Sun Valley Co. General Manager Wally Huffman and Sun Valley City Council members this week geared up for a future public hearing by discussing potential development of the former Sun Valley Gun Club site.
Rebecca Zimmerman, an owner and president of the international planning firm Design Workshop, on Monday, Jan. 14, presented a plan that showed building envelopes for 30 residential lots that could be created at the 324-acre site northeast of Sun Valley Village. The site, on the west side of Trail Creek Road, includes the new Gun Club 9 golf course.
In addition, 24 of those acres would be used to create five multi-family parcels, on which could be built 210 multi-family residential units, the density limit for the area established by the city's comprehensive plan.
As well, there would be three streets to access the development, named Sun Peak Drive, Diamond Back Road and Monarch Lane.
For that development to become a reality, the city would need to take three actions that Sun Valley Community Development Director Mark Hofman said would be contingent upon each other.
First, it would have to amend its zoning map to change the property in question, currently zoned for outdoor recreation and single-family residential units, to include open space, recreation, rural estate and ranch, and multiple-family residential districts.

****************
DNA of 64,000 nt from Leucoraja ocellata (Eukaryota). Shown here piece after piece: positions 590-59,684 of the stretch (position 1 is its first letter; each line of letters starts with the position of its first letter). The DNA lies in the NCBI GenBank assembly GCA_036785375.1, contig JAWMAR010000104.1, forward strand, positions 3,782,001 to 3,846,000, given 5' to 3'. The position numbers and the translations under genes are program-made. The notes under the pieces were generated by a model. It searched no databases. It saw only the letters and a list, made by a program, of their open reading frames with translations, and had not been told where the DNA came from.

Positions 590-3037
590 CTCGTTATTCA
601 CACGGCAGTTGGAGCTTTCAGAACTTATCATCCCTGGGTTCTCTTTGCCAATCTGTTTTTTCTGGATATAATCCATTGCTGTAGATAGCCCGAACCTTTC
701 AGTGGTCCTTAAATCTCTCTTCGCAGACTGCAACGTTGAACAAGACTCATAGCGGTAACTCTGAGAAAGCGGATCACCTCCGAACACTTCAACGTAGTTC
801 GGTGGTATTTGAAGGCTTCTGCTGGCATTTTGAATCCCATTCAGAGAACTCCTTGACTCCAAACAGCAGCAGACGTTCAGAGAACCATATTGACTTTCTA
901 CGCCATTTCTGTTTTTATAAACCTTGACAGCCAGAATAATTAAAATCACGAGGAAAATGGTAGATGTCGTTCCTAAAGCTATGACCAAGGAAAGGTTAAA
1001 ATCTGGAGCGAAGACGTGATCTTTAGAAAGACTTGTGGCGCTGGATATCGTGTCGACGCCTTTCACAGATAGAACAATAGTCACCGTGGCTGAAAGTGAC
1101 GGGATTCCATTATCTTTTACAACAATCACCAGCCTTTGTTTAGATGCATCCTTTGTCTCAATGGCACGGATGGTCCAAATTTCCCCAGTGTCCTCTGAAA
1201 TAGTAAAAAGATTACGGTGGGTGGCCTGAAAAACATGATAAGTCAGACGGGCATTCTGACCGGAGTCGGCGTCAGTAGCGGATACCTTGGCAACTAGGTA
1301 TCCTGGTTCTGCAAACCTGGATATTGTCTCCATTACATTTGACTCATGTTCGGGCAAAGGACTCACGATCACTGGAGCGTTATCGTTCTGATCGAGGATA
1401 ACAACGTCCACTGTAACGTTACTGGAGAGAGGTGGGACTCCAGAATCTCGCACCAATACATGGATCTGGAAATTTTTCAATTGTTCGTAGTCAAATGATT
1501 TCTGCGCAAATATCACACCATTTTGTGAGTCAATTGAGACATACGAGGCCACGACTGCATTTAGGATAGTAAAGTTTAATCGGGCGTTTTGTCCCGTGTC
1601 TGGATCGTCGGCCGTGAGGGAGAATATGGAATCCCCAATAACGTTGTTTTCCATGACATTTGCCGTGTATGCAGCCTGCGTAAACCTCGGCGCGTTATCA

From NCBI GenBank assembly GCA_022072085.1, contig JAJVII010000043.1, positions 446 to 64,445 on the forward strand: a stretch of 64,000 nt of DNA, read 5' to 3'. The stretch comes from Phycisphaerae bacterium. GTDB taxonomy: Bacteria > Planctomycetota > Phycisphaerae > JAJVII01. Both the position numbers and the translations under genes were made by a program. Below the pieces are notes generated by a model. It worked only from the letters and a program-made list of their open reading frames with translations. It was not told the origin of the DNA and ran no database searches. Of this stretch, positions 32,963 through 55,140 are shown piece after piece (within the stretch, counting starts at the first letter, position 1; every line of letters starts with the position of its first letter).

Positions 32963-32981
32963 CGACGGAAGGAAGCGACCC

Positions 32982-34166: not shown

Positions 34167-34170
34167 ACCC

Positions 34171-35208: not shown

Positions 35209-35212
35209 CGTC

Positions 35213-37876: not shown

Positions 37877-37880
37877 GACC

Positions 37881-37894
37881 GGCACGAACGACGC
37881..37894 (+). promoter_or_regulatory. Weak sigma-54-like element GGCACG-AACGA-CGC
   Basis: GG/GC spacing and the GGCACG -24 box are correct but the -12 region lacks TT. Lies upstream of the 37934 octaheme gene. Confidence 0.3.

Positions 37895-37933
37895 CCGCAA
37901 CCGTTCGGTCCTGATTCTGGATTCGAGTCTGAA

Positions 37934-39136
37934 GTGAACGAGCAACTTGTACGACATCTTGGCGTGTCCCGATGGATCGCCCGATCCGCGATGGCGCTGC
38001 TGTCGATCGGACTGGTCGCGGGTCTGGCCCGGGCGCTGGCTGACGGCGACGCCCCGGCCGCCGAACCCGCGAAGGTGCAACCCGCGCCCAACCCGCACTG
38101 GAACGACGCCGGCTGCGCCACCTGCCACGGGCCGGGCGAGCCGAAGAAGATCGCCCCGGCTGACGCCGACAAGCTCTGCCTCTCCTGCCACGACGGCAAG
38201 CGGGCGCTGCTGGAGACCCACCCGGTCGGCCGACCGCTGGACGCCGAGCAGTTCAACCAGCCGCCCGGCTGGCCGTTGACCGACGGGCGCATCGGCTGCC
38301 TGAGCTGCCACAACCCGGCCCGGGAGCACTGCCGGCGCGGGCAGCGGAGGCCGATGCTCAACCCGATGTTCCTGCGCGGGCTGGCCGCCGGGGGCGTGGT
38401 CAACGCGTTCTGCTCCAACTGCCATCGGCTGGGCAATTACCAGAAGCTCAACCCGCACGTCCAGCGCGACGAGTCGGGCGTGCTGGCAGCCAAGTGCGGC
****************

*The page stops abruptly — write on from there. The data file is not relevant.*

Second, the city would have to approve a conditional-use permit for a planned-unit development for the area, which also includes two parcels for the Gun Club 9 golf course.
Third, a preliminary plat would have to be approved for Sun Valley Co. to subdivide the property.
In October, the Sun Valley Planning and Zoning Commission recommended that the city take those three steps. During the P&Z's deliberations, then-interim City Administrator Robert Van Nort said estimated annual tax revenues would pay for new costs incurred by the city to extend fire, police and street services to the new subdivision.
While Huffman made it clear that no firm timeline was in place, he said it would be possible to sell the single-family lots by the end of the year if the council gave the green light to the project. Overall, he said, the project would have four phases and possibly take eight years to complete.
In October, he said Sun Valley Co. will sell lots for development as homes, while it would build the multi-family units.
Hofman said there will be a public hearing, likely in February, in which the council will begin its deliberations on the issue.